WASHINGTON - When President Bush returns to Washington from his hunting and fishing trip in Texas this week, he will begin the new decade with one tedious, unfinished task. Nearly a year after he took office, his administration is not completely staffed.
A recent study made by Democratic Study Group in the House of Representatives shows that about 25 percent of top administrative jobs are vacant, waiting for Bush to name his choice. Although White House aides have rejected that accounting, their own numbers show the president has yet to announce nominees for 133, or 22 percent, of 609 top policy-making jobs requiring Senate confirmation.
The job-filling process has been sluggish by almost any standard. One reason, according to administration aides, is Bush's desire to hire minorities and women.
Chase Untermeyer, the president's personnel director, said two appointments have been in limbo for months because a Cabinet secretary rejected names of Hispanics offered by the White House, he said.
"The Cabinet secretary has refused again and again to accept any Hispanic recommendations we have made," said Untermeyer. In response, the White House held up the secretary's choice for another position.
He said an agreement struck late last week may settle the dispute.
Untermeyer declined to name the secretary, but the Department of Labor, headed by Elizabeth Dole, is the only one fitting his description.
Although Bush has said he wanted to be the "environmental president," the Environmental Protection Agency has no permanent officials in several top posts.
The nation has had two major disasters, Hurricane Hugo and the California earthquake, without a permanent chief at the Federal Emergency Management Agency.
"I think it's an indication of a serious problem at some level," said Scott Lilly, executive director of the Democratic Study Group. "The work of the president, to some extent, is naming people to positions of responsibility."
Such attacks are "good old brass knuckles politics," responded Untermeyer. He said Bush has chosen another 99 people for policy-making jobs, but their names have been kept secret while the FBI checks their backgrounds. According to administration figures, the White House must find people for only 34 top agency and department jobs.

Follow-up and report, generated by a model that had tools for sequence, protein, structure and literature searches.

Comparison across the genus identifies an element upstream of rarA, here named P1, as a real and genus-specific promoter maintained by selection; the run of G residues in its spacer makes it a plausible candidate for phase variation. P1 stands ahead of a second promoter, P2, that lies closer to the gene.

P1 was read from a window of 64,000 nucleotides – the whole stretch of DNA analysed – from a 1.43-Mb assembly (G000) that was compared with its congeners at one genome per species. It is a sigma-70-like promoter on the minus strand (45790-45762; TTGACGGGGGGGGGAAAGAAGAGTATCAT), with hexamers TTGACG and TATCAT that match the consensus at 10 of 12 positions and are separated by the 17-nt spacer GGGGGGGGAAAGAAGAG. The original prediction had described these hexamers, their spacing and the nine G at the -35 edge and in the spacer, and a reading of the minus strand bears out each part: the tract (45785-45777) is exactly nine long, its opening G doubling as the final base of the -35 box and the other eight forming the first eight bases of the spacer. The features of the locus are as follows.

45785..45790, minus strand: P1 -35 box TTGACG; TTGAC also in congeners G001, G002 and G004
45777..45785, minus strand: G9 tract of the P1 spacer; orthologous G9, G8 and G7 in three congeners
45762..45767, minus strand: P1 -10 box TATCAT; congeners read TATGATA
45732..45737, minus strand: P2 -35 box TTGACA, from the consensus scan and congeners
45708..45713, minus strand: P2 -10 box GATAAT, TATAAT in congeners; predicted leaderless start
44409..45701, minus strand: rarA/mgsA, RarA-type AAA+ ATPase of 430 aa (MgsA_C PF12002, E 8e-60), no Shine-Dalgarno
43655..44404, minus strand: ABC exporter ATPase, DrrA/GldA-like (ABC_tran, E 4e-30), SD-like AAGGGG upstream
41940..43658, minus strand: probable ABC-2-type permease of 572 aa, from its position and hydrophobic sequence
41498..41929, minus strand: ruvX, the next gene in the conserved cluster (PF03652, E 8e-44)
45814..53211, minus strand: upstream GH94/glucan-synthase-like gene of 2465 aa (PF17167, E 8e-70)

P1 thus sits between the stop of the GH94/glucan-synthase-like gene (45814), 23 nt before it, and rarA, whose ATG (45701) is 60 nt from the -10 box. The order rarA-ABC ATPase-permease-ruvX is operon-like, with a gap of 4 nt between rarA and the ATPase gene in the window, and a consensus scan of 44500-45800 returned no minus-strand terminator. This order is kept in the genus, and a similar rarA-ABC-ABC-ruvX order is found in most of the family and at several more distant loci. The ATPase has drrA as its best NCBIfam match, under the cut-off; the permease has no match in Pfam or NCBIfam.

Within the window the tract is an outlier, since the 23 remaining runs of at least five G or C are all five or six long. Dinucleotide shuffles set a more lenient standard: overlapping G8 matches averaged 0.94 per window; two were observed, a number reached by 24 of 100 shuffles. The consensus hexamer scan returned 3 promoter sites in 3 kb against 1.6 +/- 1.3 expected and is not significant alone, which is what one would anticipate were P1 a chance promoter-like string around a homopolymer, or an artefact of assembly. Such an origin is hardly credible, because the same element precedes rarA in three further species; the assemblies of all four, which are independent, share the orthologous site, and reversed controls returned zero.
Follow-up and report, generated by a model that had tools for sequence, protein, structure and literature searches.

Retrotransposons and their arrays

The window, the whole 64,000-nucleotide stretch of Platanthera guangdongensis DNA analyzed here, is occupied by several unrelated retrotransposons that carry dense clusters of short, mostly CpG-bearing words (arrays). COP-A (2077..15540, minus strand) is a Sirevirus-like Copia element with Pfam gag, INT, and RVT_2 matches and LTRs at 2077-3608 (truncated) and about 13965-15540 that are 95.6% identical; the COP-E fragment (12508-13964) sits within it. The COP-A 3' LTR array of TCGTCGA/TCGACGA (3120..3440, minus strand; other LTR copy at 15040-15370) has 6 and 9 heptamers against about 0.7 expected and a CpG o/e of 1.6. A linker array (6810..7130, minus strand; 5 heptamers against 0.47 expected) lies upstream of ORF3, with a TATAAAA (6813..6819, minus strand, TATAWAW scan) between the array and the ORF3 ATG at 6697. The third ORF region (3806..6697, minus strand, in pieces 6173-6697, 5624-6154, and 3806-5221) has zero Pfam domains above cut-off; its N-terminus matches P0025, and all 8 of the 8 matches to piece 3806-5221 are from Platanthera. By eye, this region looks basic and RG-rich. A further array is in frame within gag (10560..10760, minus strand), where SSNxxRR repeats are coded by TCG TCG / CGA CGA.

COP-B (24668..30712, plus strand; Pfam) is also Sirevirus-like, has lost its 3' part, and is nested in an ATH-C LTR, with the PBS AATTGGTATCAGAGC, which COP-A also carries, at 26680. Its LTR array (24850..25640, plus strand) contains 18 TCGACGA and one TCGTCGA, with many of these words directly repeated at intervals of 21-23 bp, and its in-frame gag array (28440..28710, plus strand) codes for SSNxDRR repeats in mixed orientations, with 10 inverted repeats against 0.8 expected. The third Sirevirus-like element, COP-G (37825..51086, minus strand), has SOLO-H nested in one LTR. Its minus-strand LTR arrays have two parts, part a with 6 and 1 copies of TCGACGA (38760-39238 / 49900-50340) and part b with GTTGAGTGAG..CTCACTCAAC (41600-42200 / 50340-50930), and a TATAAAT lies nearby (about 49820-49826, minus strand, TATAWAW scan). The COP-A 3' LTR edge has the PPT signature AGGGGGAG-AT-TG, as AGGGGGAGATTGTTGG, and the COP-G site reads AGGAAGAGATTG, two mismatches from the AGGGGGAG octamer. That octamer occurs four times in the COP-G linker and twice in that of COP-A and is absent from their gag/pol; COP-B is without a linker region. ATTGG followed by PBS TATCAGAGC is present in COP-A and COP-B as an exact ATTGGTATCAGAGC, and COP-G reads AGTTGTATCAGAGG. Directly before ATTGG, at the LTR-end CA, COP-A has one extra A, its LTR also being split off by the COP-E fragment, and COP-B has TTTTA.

Untermeyer has argued that the slow-but-sure approach has advantages, and the administration claims to have hired historic levels of women and minorities.
As of mid-December, Bush had selected women for 98 out of 524 selections, including appointments of ambassadors and U.S. attorneys, Untermeyer said. In his first year as president, Ronald Reagan named 45 women. Former President Jimmy Carter chose 71 in 1977, Untermeyer said.
Bush has named 65 minorities, or 12 percent of those selected, according to Untermeyer. He said there were no official first-year figures on minorities appointed by previous administrations.
Both the administration and its critics have laid some blame for the lagging appointments on more exacting FBI background checks of would-be office holders.
But Lilly said the time to blame the FBI has passed. "By December, if you've still got 100 vacancies, you've plumb run out of excuses," he said.
Lilly said problems may not be visible today, but they will come down the road when the government agencies follow outdated policies because of a lack of new leadership. "That's when the price will be paid," he said.